American Shopping Malls Die A Slow, Ugly Death
Jan. 31, 2013
All across America, once-vibrant shopping malls are boarded up and decaying.
Traffic-driving anchors like Sears and JCPenney are shutting down stores, and mall owners are having a hard time finding retailers large enough to replace them. With a fresh wave of closures on the horizon, the problem is set to accelerate, according to retail and real estate analysts.
About 15% of U.S. malls will fail or be converted into non-retail space within the next 10 years, according to Green Street Advisors, a real estate and REIT analytics firm. That’s an increase from less than two years ago, when the firm predicted 10% of malls would fail or be converted.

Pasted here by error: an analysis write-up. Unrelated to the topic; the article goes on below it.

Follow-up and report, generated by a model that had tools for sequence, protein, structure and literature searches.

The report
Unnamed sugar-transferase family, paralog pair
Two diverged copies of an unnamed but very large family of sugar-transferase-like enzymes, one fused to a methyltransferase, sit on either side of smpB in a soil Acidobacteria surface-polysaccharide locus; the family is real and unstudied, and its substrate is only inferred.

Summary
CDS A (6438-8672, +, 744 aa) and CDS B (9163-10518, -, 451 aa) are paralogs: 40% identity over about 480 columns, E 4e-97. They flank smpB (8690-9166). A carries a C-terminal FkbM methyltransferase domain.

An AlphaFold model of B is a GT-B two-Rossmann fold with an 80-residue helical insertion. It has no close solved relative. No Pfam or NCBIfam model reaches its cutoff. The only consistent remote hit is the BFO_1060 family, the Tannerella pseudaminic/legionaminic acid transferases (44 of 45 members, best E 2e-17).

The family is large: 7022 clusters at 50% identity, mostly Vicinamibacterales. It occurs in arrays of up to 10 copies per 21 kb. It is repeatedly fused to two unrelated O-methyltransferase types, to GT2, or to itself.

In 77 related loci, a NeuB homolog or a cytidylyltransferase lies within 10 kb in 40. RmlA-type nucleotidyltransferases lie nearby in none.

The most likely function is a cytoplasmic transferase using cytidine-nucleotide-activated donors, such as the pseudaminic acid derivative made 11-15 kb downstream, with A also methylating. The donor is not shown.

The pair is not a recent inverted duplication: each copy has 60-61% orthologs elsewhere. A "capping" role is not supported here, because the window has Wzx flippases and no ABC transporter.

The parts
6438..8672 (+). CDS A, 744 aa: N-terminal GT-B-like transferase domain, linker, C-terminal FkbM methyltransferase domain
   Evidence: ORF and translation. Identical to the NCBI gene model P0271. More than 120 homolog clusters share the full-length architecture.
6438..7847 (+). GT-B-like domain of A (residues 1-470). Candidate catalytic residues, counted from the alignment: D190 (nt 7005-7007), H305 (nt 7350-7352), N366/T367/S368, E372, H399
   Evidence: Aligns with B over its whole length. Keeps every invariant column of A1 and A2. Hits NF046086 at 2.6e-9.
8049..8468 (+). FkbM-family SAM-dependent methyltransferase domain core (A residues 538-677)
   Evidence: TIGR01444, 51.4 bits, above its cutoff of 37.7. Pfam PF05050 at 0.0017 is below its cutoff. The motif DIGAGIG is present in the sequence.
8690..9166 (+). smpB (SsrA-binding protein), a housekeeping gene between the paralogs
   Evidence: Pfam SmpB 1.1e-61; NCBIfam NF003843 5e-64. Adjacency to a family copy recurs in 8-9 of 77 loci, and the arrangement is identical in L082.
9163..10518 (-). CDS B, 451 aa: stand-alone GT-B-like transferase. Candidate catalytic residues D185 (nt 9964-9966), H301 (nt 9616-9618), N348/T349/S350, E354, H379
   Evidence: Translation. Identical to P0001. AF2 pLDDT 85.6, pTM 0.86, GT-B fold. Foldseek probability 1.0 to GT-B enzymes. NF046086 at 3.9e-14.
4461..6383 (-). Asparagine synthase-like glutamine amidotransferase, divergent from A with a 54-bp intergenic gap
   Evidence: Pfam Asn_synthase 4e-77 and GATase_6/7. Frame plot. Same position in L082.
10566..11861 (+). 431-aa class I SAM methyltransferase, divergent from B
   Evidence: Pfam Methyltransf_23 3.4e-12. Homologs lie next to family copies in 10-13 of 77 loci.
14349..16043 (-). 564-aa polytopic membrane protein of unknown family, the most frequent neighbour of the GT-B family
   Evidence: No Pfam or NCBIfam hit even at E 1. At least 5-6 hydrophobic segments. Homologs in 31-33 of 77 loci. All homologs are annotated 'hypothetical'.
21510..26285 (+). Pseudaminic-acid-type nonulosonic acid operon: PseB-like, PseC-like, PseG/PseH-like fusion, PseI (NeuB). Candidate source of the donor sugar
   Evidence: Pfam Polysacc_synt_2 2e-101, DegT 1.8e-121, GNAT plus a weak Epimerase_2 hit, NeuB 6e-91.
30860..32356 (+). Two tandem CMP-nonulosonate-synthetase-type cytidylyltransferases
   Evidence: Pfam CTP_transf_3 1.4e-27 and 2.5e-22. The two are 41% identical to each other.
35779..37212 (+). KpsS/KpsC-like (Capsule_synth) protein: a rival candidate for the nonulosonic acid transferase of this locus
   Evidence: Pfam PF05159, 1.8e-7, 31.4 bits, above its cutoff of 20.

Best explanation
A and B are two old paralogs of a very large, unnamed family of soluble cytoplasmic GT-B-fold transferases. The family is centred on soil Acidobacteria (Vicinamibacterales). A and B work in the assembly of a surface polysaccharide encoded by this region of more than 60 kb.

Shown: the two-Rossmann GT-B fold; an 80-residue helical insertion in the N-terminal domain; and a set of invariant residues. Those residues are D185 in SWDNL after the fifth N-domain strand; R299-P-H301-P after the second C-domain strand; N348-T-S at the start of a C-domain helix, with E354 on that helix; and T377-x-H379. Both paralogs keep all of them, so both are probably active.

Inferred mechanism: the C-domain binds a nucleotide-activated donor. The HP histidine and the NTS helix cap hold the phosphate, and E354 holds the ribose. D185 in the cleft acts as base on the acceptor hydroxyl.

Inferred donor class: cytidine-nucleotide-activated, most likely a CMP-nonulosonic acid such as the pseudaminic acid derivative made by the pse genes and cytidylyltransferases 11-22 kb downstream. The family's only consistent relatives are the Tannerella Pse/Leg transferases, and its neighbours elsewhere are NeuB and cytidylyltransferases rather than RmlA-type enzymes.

“The risk of failure for a mall increases dramatically once you see anchor closures,” said Cedric Lachance, managing director of Green Street Advisors. “Their health is very important … and most of them are highly likely to continue closing stores.”
Within 15 to 20 years, retail consultant Howard Davidowitz expects as many as half of America’s shopping malls to fail. He predicts that only upscale shopping centers with anchors like Saks Fifth Avenue and Neiman Marcus will survive.